Even in the far-flung icy continent of Antarctica, scientists are taking time to demonstrate in support of science.
Climate researchers from Germany stationed near the South Pole got inspired by the massive day of action taking place in more than 600 cities around the world and tweeted their own message of solidarity to scientists and their allies in the streets. In a tweet from the Alfred Wegener Institute Helmholtz Center for Polar and Marine Research, several scientists held up a quote from Nobel Prize-winning physicist Marie Curie explaining the primary reason scientists feel called to do their work:
“Nothing in life is to be feared. It is only to be understood,” the quote reads. “Now is the time to understand more so that we may fear less.”
— AWI Medien (@AWI_de) April 22, 2017
Scientists decided to organize a march on Washington, DC shortly after President Trump’s inauguration in protest of his administration’s refusal to accept the global consensus on climate change and continue to appoint cabinet members and pursue policies that ignore empirical science. The idea quickly generated excitement on Reddit, and prompted other scientists and their supporters to organize satellite marches in cities around the U.S. and the rest of the world.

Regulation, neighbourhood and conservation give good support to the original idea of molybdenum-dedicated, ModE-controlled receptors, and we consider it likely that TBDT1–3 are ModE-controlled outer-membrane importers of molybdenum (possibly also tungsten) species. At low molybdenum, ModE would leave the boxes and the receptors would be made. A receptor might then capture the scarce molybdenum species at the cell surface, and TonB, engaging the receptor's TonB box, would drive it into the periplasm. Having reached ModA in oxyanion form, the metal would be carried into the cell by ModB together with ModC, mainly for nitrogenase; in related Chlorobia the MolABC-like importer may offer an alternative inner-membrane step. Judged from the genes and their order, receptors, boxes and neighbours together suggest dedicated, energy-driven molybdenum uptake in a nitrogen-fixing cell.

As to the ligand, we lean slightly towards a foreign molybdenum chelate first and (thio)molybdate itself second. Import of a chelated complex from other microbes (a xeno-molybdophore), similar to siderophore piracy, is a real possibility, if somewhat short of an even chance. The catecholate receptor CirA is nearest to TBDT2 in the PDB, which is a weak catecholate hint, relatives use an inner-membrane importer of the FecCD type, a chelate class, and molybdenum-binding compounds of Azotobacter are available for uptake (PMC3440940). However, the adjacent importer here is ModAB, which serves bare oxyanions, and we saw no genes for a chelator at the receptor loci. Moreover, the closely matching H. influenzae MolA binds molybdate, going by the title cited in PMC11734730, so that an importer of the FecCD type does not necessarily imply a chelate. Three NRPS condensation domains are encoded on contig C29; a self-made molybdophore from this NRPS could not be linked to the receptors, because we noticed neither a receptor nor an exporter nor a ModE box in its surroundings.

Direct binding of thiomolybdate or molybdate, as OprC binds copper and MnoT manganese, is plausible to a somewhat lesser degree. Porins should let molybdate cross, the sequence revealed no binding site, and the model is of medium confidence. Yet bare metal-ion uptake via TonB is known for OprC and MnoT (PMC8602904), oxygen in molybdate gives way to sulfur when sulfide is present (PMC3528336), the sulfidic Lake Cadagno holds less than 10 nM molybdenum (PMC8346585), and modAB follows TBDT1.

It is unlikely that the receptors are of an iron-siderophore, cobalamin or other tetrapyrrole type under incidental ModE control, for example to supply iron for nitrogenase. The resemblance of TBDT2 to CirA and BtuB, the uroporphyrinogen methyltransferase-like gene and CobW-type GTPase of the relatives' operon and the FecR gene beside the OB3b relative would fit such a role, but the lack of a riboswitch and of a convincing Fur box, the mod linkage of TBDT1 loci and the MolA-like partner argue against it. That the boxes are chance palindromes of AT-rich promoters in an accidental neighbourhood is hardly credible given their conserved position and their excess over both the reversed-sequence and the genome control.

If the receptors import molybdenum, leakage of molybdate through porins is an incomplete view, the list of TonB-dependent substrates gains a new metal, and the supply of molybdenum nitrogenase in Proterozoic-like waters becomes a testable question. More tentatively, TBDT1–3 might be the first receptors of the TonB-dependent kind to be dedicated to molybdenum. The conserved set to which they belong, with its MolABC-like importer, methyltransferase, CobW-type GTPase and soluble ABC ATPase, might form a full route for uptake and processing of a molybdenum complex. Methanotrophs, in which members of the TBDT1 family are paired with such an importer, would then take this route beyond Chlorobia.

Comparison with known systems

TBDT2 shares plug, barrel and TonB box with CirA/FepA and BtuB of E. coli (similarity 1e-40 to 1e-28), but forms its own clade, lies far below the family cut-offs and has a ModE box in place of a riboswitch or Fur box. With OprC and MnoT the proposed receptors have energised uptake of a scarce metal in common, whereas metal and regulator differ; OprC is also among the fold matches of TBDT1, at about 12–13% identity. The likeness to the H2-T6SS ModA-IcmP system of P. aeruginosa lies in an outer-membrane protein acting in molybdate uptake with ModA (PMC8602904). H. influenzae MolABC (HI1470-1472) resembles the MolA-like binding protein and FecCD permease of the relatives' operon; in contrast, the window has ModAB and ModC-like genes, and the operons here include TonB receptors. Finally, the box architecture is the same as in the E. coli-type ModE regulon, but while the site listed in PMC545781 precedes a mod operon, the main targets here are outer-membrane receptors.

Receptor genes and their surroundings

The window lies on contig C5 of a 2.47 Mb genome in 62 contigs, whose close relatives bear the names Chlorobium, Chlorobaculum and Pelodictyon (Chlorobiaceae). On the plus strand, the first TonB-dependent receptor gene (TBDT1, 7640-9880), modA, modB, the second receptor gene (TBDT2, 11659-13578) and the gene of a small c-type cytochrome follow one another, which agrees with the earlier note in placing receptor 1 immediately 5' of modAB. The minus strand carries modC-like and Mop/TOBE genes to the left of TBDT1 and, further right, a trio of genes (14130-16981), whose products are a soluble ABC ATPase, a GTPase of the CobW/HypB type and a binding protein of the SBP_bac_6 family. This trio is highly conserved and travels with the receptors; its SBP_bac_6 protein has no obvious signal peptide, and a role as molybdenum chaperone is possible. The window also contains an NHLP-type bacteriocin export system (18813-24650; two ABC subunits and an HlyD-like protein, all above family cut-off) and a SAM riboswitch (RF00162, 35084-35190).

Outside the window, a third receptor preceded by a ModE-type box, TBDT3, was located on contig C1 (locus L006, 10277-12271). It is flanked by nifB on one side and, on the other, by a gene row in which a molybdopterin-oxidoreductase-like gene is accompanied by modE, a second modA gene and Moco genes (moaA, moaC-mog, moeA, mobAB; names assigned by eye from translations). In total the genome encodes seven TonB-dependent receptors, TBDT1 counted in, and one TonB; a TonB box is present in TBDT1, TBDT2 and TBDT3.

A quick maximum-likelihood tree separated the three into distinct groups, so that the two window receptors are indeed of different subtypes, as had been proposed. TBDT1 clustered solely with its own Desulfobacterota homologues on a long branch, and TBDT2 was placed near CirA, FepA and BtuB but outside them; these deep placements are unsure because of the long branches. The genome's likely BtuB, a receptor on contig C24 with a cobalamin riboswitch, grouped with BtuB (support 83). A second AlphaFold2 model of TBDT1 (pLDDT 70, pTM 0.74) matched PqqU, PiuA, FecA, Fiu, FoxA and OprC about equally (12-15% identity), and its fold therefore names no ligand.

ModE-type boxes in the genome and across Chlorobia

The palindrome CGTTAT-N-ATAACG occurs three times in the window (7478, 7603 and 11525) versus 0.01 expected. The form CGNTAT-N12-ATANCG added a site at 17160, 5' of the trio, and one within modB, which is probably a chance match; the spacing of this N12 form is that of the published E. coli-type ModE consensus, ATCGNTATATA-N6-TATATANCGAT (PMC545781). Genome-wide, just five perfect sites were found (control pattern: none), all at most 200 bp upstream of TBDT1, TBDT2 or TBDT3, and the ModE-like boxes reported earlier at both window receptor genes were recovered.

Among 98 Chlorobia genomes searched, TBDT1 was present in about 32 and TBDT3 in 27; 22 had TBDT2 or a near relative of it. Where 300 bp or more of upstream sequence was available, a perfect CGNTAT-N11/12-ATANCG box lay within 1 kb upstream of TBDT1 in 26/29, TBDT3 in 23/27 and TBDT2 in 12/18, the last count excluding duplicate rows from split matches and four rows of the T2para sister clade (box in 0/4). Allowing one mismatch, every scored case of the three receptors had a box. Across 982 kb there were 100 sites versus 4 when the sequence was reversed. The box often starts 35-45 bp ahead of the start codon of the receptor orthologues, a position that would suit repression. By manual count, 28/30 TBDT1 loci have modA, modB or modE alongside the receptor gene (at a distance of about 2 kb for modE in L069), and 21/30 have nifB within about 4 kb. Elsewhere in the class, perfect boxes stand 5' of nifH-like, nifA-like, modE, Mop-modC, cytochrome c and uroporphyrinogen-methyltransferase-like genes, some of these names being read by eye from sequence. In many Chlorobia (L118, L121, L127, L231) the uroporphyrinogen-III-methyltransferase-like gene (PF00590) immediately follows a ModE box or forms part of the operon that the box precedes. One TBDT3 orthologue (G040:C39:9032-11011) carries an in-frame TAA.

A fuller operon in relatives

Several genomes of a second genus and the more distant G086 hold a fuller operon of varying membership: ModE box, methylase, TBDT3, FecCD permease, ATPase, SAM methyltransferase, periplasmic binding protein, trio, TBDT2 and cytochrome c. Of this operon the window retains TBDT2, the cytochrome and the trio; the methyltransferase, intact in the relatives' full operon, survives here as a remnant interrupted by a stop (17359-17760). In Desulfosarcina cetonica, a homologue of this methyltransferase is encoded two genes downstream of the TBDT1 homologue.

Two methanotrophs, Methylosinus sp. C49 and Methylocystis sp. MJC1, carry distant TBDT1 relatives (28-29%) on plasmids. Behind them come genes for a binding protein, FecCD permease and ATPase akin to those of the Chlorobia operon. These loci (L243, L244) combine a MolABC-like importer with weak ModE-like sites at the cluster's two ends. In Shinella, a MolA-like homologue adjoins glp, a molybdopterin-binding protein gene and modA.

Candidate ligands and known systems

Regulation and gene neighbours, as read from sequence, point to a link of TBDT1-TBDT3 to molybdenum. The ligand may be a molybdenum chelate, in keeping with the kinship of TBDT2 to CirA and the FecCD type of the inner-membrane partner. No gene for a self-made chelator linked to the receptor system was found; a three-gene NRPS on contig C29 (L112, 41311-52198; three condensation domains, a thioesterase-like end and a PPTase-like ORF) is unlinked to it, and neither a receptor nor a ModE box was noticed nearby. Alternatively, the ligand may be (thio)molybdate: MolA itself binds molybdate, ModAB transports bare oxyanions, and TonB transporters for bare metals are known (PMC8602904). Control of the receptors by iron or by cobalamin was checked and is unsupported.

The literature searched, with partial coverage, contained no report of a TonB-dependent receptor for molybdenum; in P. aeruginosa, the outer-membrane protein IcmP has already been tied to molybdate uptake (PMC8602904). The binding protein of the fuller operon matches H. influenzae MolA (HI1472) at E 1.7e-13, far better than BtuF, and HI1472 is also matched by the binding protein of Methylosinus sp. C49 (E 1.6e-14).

“If we want to prevent future Flints, we need to embrace what we’ve learned and how far we’ve come in terms of science and technology,” said pediatrician Mona Hanna-Attisha — one of the doctors who originally exposed the lead poisoning epidemic in Flint, Michigan — in an interview with the New York Times.
The scientific community aims to use today’s marches, which coincide with the 47th anniversary of Earth Day, as a means of pressuring the Trump administration and members of Congress to listen to scientists in matters that concern the environment.
Kevin Wallace is a journalist with five years’ experience in print and digital media, and covers politics, media, and culture for the Resistance Report. He lives in Tallahassee, Florida.